Studebaker hoods sometimes unlatch and fly up and do not fit well unless they have been properly lined up, oiled, and proper springs used. Also, sometimes the fenders may not be aligned properly, especially if the car was in a collision and fenders were replaced.

            To open the hood, you need to pull it gently towards you before lifting up.

            In summary, I would not presume that your hood has flattened. I believe it would be tough to flatten a hood, unless it had been jumped on.



            • #7
              If i understand you correctly, the center/rear edge of the hood is low in reference to the cowl, right? Well, this may take a 3 man operation to remedy. I would open the hood & insert 3 wooden blocks, one in the center & the other two between the center block & the hood hinges (one on each side). Then, with one person in front & the other two on each side at the rear corners, slowly close the hood onto the blocks (&have them set so the blocks contact the center first, then the other two) & gently apply pressure to the hood on each side. Be careful not to have the blocks contact the hood brace underneath other than the very rear edge where the hood overlaps the brace. The 3 blocks should spread the load applied so that no further damage to the cowl. Do this a little at a time & dont rush & you should be able to restore the shape of the hood to match up with the cowl & at the same time lower the rear corners.

              60 Lark convertible
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              63 G.T. R-2,4 speed
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              63 G.T. Hawk R-2,4 speed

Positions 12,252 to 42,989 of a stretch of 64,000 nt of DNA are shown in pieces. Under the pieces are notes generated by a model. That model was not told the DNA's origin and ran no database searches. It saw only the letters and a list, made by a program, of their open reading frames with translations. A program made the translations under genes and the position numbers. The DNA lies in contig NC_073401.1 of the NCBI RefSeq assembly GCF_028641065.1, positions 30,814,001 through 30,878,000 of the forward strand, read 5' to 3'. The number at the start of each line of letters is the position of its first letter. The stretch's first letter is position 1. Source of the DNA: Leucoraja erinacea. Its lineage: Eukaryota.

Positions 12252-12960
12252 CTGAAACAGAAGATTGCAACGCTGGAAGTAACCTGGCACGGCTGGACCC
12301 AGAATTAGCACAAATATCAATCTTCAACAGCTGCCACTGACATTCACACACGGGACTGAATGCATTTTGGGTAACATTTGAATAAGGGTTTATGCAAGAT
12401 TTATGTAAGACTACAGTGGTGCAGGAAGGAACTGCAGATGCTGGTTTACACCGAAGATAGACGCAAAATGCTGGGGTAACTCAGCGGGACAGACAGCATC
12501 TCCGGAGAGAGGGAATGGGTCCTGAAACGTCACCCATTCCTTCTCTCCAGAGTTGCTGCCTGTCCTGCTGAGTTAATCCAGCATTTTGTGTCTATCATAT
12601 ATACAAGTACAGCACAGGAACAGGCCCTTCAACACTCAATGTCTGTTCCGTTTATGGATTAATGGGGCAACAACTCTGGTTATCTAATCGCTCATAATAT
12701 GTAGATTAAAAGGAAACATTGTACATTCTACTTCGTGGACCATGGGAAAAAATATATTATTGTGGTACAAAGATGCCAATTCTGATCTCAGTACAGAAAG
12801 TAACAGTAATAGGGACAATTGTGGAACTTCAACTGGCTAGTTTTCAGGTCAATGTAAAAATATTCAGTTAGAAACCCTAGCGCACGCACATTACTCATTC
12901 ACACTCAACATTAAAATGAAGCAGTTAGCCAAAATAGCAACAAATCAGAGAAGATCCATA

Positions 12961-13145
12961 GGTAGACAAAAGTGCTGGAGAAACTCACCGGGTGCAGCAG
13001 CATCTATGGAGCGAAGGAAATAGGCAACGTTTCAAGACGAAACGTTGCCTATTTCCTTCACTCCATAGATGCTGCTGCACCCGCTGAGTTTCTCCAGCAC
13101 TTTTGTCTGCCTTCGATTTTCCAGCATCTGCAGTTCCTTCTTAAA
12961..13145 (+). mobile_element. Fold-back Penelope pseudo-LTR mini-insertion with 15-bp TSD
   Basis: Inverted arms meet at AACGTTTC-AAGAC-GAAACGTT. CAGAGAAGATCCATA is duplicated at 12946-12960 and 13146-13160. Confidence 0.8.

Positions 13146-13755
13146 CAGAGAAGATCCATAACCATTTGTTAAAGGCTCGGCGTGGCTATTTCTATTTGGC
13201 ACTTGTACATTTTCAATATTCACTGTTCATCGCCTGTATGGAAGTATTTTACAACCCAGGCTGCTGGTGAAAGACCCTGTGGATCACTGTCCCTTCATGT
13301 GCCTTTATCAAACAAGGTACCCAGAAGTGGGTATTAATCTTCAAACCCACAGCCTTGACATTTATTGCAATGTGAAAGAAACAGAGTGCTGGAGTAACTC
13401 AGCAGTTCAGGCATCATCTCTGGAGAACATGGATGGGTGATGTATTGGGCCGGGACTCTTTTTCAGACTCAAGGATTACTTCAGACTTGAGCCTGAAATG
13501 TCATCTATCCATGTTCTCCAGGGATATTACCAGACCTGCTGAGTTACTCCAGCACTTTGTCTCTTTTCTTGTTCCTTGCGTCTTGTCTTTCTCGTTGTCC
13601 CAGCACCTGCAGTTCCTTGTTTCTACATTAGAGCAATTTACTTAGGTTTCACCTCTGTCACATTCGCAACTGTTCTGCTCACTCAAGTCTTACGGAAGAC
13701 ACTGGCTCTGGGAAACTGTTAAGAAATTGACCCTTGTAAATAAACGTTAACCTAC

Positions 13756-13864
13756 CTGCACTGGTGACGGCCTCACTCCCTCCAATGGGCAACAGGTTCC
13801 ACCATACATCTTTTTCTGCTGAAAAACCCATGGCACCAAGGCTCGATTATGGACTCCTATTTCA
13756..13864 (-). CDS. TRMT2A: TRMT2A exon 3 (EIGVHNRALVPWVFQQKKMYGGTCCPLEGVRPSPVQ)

63 Avanti (2) R-1 auto
              64 Zip Van
              66 Daytona Sport Sedan(327)V-8 4 speed
              66 Cruiser V-8 auto


              • #8
                I have had to do that same "recurve" on one of my Hawk hoods. I would NOT do this on the car. I used some wood blocks on the floor of the garage. I used pieces of 2x4 cut and stacked under the center of the hood, about 12 inches apart, but do not allow more than an inch or so under the corners. This will prevent the corners from being over bent and kinking the hood. It will not take too much pressure to regain the correct curve. Be patient and do several trial fits after each SMALL bend you make on the hood. It helps to have two people doing this, but it can be done with one. Place shop towels or blankets on the fenders at the corners to be sure not to scratch the paint when doing the trial fitting. Sorry for the poor quality of the picture, but my scanner is on the blink. I had to do it by photo.



                • #9
                  Obviously the dimensions are not perfect on the picture above. Its just a schematic to show the concept of the idea. Only use as many 2x4s as needed to get the corners off the floor an inch or two. Then raise the middle of the hood as needed to get more deflection as you get closer to the desired curve. I hope this explanation is making sense.